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To my amazement, I just discovered that my Ubuntu 13.04 system seems to support something like automatic network interface bonding.

If I establish a TCP connection over WiFi (eg using netcat on client and server), and then also switch on the wired interface, all further traffic on this connection seems to transparently go through the wired interface. I have verified that with Wireshark, and I can also tell from the change in throughput when copying files.

This works, however, only as long as I keep the WiFi connection established. If disconnect the WiFi, the TCP connection also breaks down.

The machine that I'm testing with has different MAC and different IP addresses for the WiFi and wired interface. They are connected to the same network though.

I do not have the ifenslave package installed, and I did not set up a bridge or anything like that either. I am using NetworkManager.

My question is: how does this work? Which layer is responsible for redirecting the packets, and how does it know where to send them? And why does this stop working if the WiFi connection is shut down?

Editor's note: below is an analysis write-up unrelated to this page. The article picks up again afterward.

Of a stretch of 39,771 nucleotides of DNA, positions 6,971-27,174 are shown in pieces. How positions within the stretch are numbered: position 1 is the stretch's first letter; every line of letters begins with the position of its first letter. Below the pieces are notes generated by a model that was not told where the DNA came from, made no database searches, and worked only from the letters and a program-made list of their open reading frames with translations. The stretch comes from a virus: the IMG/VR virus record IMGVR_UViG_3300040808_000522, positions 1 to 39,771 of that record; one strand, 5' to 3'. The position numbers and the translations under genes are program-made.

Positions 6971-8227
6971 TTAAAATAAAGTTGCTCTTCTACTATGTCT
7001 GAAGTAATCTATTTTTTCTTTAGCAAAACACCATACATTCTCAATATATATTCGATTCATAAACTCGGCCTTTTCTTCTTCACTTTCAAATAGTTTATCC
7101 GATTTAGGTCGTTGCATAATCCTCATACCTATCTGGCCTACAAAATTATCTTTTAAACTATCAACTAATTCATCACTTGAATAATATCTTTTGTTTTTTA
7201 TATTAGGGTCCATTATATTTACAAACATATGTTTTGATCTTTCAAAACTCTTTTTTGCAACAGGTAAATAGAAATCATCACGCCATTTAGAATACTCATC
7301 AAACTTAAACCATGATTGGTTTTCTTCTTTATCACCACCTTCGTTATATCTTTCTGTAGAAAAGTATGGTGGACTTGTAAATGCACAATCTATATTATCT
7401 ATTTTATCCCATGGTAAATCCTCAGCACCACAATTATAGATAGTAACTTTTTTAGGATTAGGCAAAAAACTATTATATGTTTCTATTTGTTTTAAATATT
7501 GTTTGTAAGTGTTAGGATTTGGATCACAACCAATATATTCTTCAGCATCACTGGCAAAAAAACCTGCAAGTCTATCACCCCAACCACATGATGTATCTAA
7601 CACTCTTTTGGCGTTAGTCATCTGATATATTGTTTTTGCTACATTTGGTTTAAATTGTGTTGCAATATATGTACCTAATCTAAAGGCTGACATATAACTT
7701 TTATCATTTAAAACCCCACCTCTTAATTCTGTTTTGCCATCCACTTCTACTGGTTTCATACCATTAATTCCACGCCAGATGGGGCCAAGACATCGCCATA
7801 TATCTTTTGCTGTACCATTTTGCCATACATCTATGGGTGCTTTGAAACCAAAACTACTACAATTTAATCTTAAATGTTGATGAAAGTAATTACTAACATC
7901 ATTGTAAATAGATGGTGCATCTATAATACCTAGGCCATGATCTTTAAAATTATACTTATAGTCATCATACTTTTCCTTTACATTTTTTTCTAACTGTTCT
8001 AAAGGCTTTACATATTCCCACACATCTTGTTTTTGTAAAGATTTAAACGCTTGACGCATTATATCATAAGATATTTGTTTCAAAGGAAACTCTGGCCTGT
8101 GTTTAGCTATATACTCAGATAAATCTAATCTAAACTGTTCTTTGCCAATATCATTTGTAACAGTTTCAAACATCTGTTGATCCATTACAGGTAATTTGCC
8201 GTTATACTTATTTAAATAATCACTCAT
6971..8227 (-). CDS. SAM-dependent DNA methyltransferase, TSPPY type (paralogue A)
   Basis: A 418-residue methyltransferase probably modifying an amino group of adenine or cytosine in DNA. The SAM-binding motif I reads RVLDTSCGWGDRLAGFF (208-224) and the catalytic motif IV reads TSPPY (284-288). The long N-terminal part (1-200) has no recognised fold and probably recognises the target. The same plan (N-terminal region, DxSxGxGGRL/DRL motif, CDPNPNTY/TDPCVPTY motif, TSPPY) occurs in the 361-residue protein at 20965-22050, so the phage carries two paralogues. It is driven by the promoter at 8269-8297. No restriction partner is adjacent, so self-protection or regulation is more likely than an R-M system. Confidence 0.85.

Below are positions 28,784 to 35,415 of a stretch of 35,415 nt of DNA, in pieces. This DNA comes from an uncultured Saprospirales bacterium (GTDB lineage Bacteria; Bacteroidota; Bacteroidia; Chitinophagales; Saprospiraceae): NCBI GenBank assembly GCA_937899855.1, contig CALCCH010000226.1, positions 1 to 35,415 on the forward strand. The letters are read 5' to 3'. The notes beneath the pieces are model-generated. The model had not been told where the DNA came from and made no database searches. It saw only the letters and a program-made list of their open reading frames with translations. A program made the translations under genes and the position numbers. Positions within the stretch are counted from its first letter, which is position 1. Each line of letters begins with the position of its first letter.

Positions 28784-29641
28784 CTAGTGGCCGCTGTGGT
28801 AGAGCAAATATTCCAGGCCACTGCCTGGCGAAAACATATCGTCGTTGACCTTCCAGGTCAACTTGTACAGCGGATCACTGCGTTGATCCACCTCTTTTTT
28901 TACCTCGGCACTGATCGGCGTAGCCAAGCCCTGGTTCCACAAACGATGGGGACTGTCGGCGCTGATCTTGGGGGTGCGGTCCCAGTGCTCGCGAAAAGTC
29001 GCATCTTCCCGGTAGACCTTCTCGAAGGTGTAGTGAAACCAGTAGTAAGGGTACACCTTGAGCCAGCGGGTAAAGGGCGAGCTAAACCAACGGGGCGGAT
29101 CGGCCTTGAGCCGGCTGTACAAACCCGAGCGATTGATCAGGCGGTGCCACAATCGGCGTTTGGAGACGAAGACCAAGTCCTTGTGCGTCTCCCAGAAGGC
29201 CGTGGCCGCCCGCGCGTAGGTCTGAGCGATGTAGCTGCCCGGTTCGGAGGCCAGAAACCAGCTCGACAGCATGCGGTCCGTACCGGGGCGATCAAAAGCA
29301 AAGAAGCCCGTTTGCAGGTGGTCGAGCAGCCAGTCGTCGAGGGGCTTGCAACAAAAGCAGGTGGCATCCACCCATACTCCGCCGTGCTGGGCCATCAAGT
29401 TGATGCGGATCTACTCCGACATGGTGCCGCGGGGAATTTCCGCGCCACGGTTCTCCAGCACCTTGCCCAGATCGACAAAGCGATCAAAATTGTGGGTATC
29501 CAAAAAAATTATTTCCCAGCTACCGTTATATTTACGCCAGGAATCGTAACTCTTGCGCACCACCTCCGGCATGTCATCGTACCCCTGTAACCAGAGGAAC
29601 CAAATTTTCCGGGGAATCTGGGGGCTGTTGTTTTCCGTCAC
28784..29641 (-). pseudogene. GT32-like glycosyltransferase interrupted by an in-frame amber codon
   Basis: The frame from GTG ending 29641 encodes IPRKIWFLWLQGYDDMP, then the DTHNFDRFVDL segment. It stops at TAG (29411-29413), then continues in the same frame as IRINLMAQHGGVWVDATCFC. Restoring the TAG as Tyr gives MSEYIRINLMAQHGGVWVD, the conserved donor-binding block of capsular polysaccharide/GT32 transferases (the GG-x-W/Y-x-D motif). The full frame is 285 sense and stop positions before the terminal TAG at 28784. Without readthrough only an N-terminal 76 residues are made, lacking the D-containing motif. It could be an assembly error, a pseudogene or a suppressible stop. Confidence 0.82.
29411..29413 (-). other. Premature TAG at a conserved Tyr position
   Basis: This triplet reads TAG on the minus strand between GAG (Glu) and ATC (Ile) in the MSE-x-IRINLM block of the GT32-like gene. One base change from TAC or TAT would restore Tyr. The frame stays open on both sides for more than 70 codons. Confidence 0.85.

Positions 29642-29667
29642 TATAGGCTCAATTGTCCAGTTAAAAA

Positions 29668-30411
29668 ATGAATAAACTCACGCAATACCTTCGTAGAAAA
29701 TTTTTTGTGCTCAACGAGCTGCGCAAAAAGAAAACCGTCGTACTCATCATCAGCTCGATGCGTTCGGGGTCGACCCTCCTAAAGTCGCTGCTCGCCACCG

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1 Answer 1

Ok, disappointing explanation. This is just the good old default route at work. NetworkManager adds a new route to the same network for each interface. The interface that comes up last then gets all the outgoing traffic.

The interesting thing is that this also works for incoming traffic. Once the remote host starts getting its ACKs from a different MAC that it has originally sent the data to, it updates its ARP table to point to the new MAC, so that from then on the entire communication goes through that interface.

I suspect this will break if there are firewall rules that prevent interfaces from accepting packets that are not for the configured ip address, but interestingly enough this is not done by default...

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